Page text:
by Emily Hill

Role of the quality professional – Friday Feature

Today's quality professional faces a bevy of challenges, from improving business systems, ensuring the organisation is adhering to the latest regulations and maintaining a customer-centric view of the organisation. But how will the role of the quality professional change in the future? 

For this week's Friday Feature, we asked quality guru Richard Green, founder of Kingsford Consulting Services, for his thoughts on how the role of the quality professional should change over the next five years. 

 

 

 
 
 
 
 
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Wistia video thumbnail - Role of Quality Professional in the Future
 

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Video Transcription: 

How do you see the role of the quality professionals changing over the next five years?

"Hopefully the quality professional will become invisible. Invisible as a separate entitiy.

I would like to see quality managers actually becoming business managers and business directors, so that quality is not seen as a separate function. Going back to the culture of quality - it needs to be just the 'way things are done around here'. Quality is how we get the job done.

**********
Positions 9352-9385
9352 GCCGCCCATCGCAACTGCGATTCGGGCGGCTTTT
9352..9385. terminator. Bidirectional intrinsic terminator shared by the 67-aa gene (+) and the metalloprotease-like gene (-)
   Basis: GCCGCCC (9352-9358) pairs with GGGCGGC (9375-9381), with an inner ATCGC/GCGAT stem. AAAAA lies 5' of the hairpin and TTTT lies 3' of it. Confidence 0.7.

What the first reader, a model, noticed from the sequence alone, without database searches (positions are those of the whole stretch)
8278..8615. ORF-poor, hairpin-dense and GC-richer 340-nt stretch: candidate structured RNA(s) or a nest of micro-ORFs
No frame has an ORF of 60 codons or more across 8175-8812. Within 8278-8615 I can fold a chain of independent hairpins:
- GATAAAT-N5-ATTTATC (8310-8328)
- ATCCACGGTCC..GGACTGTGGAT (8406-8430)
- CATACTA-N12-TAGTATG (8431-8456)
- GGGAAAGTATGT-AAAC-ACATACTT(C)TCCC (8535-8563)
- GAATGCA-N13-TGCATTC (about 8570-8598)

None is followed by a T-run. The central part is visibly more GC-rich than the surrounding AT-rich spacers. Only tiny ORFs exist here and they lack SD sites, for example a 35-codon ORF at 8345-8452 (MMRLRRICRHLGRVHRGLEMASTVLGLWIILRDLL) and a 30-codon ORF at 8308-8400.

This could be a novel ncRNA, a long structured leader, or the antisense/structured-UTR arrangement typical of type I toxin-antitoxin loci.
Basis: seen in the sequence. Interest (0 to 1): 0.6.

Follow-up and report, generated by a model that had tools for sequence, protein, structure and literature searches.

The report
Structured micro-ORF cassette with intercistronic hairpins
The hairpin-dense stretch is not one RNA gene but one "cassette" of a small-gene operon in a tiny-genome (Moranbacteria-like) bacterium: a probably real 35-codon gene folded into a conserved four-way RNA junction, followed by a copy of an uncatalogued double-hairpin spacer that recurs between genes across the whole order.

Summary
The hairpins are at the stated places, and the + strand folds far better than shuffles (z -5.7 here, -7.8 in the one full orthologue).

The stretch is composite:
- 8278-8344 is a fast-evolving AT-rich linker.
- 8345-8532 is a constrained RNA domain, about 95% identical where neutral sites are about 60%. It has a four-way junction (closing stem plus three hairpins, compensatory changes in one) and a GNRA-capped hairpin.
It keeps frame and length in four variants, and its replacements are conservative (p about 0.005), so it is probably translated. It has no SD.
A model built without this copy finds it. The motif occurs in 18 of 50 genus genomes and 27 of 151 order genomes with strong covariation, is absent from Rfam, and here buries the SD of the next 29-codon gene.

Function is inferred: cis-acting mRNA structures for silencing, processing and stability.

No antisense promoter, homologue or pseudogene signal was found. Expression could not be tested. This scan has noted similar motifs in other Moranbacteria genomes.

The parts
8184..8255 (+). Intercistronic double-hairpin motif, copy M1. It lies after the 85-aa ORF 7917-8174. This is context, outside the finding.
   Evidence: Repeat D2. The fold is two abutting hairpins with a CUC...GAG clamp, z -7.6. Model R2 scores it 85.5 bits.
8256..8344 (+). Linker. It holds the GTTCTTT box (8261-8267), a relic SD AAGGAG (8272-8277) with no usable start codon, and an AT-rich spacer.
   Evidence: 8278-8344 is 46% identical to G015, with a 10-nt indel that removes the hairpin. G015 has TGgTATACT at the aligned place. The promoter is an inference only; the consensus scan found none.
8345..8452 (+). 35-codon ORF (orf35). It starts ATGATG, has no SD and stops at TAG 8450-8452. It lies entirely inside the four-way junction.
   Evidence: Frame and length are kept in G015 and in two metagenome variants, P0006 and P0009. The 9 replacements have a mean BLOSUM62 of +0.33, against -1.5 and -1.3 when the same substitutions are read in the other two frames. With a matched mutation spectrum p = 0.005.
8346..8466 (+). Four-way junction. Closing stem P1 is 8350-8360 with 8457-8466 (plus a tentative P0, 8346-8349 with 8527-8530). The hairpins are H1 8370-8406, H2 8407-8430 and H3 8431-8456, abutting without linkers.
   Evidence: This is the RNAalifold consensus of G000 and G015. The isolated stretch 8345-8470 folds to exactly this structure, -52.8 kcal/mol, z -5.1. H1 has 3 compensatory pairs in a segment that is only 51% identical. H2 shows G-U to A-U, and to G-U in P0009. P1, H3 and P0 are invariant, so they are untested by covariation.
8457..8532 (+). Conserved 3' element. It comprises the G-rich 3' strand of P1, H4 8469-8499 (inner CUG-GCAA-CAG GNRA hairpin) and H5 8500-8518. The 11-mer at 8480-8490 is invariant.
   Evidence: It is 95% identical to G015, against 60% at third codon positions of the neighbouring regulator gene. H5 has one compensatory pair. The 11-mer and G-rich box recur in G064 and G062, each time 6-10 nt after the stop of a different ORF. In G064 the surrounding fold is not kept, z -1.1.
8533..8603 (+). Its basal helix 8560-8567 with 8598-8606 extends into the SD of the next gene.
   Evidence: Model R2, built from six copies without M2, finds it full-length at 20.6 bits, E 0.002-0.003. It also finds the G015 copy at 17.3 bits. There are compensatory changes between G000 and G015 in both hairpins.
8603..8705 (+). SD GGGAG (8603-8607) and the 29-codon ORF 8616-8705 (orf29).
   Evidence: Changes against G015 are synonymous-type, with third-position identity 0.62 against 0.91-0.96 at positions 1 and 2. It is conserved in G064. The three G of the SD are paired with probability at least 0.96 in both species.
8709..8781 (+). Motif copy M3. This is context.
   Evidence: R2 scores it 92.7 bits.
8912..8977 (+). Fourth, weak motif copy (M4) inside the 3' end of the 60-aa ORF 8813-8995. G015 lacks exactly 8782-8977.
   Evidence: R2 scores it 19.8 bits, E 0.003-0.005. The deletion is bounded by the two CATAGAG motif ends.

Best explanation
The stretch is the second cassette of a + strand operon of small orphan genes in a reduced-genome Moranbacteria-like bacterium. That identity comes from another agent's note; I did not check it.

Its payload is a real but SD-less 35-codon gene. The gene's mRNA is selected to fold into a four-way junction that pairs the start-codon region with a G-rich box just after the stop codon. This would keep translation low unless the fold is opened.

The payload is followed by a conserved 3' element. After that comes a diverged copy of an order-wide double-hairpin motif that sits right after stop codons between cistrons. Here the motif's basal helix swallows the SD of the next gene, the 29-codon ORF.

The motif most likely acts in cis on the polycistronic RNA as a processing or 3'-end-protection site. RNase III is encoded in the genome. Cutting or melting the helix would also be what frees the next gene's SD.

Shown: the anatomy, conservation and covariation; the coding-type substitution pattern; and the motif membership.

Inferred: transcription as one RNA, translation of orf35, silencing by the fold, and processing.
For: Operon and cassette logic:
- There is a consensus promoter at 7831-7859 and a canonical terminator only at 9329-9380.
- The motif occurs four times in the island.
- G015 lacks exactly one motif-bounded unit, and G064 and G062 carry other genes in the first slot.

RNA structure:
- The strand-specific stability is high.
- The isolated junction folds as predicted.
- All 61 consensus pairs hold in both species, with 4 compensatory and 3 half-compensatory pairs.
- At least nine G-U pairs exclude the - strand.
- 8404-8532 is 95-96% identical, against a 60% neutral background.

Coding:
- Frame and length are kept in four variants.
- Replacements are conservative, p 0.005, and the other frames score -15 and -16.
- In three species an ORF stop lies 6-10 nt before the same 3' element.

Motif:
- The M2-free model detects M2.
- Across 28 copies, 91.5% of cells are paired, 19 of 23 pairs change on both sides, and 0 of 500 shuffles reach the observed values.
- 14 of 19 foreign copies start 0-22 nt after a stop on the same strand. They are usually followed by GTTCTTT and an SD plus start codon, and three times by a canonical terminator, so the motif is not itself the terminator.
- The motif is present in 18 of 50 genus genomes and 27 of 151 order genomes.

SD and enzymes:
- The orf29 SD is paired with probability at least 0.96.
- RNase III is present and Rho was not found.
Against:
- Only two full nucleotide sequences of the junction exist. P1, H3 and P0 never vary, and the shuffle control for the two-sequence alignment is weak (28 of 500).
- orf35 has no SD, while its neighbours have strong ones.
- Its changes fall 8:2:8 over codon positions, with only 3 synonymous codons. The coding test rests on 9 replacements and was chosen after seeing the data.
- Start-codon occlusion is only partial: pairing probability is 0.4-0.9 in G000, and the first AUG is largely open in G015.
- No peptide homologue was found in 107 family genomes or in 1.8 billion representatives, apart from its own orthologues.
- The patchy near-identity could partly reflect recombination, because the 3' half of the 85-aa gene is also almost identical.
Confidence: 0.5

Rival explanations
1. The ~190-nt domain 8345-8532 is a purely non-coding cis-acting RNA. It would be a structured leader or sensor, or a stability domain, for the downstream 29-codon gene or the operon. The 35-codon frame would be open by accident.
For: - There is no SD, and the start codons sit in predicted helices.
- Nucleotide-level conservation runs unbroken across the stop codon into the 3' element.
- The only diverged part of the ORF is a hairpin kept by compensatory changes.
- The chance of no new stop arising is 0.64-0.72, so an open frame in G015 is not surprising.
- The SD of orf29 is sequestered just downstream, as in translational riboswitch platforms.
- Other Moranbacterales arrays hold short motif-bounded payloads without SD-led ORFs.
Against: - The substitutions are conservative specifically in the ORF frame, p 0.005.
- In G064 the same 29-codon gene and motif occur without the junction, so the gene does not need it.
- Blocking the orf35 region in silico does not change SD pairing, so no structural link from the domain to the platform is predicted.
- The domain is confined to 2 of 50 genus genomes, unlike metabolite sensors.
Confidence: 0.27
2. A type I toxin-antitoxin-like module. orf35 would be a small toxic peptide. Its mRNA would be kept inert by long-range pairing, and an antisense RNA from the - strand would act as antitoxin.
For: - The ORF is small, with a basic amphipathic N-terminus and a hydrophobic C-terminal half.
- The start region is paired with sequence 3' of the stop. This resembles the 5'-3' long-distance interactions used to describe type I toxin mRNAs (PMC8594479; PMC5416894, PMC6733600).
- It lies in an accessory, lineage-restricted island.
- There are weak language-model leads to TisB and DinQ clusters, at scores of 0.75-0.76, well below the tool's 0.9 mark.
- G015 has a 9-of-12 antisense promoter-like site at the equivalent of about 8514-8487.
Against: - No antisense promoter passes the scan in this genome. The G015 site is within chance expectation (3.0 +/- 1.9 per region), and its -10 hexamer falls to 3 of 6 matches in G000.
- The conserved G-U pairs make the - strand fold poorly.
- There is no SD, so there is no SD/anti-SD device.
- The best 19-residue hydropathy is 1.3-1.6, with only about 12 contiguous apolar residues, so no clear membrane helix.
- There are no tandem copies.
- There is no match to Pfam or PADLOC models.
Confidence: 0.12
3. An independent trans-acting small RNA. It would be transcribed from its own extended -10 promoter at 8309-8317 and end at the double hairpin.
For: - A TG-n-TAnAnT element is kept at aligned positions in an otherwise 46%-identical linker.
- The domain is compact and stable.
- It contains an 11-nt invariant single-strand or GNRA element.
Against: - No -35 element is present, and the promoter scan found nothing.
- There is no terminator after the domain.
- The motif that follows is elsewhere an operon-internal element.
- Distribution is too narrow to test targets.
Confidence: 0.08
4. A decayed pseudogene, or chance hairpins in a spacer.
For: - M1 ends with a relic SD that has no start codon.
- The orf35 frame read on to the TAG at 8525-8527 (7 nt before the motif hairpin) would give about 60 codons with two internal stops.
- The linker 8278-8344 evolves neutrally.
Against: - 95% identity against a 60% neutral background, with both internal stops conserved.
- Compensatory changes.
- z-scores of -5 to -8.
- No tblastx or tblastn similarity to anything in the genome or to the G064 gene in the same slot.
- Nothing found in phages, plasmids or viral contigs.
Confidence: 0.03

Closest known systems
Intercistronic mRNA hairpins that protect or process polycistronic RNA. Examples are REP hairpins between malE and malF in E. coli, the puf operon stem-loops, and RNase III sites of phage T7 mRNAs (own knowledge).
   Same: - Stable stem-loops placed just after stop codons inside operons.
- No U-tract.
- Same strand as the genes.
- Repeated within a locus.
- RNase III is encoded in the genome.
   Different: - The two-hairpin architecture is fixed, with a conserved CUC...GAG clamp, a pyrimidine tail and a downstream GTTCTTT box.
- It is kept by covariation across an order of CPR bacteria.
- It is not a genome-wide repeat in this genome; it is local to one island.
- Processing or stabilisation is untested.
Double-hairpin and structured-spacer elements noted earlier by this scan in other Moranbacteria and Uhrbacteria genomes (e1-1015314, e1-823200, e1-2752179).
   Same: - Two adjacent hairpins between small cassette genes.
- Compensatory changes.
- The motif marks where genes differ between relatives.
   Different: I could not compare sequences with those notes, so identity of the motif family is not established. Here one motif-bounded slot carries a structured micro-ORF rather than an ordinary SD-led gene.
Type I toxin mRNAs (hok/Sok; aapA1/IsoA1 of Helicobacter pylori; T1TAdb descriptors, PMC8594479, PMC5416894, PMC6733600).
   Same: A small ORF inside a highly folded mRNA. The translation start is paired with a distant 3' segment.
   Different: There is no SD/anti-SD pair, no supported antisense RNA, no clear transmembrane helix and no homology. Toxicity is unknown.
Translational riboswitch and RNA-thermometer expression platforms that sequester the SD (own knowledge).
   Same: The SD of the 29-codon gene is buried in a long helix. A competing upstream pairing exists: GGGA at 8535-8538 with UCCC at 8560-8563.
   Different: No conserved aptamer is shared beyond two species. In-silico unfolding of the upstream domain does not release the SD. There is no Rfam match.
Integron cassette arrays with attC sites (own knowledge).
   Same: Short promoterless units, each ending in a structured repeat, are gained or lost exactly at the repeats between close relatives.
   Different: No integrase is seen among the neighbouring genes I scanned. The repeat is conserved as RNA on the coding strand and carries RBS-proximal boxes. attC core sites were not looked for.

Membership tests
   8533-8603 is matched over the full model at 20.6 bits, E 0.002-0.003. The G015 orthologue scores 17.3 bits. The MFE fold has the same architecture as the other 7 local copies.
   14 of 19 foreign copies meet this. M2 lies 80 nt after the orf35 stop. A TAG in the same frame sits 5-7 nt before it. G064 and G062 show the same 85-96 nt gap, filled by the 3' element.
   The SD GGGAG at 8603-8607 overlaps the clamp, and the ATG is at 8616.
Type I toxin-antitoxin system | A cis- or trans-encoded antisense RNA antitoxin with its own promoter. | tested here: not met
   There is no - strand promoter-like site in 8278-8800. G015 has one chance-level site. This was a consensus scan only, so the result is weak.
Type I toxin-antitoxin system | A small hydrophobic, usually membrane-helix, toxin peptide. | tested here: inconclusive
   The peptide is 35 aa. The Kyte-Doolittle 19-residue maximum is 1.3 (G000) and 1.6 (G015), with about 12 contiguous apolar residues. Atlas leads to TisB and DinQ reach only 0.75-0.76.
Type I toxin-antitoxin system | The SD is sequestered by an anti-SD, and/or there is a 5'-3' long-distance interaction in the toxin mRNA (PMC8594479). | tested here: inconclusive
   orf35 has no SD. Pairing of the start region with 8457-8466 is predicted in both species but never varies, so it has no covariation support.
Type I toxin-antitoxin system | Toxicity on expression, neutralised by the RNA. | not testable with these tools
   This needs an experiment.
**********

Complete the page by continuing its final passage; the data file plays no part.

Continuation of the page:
I would like to see the quality professional becoming more of a generalist, where they will have an understanding of how companies work and be able to advise how businesses can get results.  

They will still need to understand and interpret the different quality terms and techniques. But I think quality professionals will become much more engaged in terms of the running of the business, rather than being seen as a separate entity that we talk to ocassionally if we have a problem or if we are trying to make some changes." 

 

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Do you think 'quality' has a branding problem?

"Yes. Massively. There is even an argument that we should drop the word quality. I think there are all sorts of connotations with it because it is a distinctive label and it sets quality aside as a separate function. And it really should not be. 

It should be about ensuring good governance, providing assurance and driving improvement."

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I've seen more and more people getting the job title 'Operational Excellence Manager' because they are trying to close the gap. I think it will also do a good job attracting graduates aswell.

"Absolutely. I have been lucky. I have had a wonderful career in the quality environment, and I think one of the great things that a career in quality gives you is a remit to really look at organisations and how they work, what works and what doesn't work.

Apart from top management, you are really the only people who get a helicopter view of what is going on in the business. It is incredibly rewarding to have that role and to be able to identify new opportunities for the business." 

 

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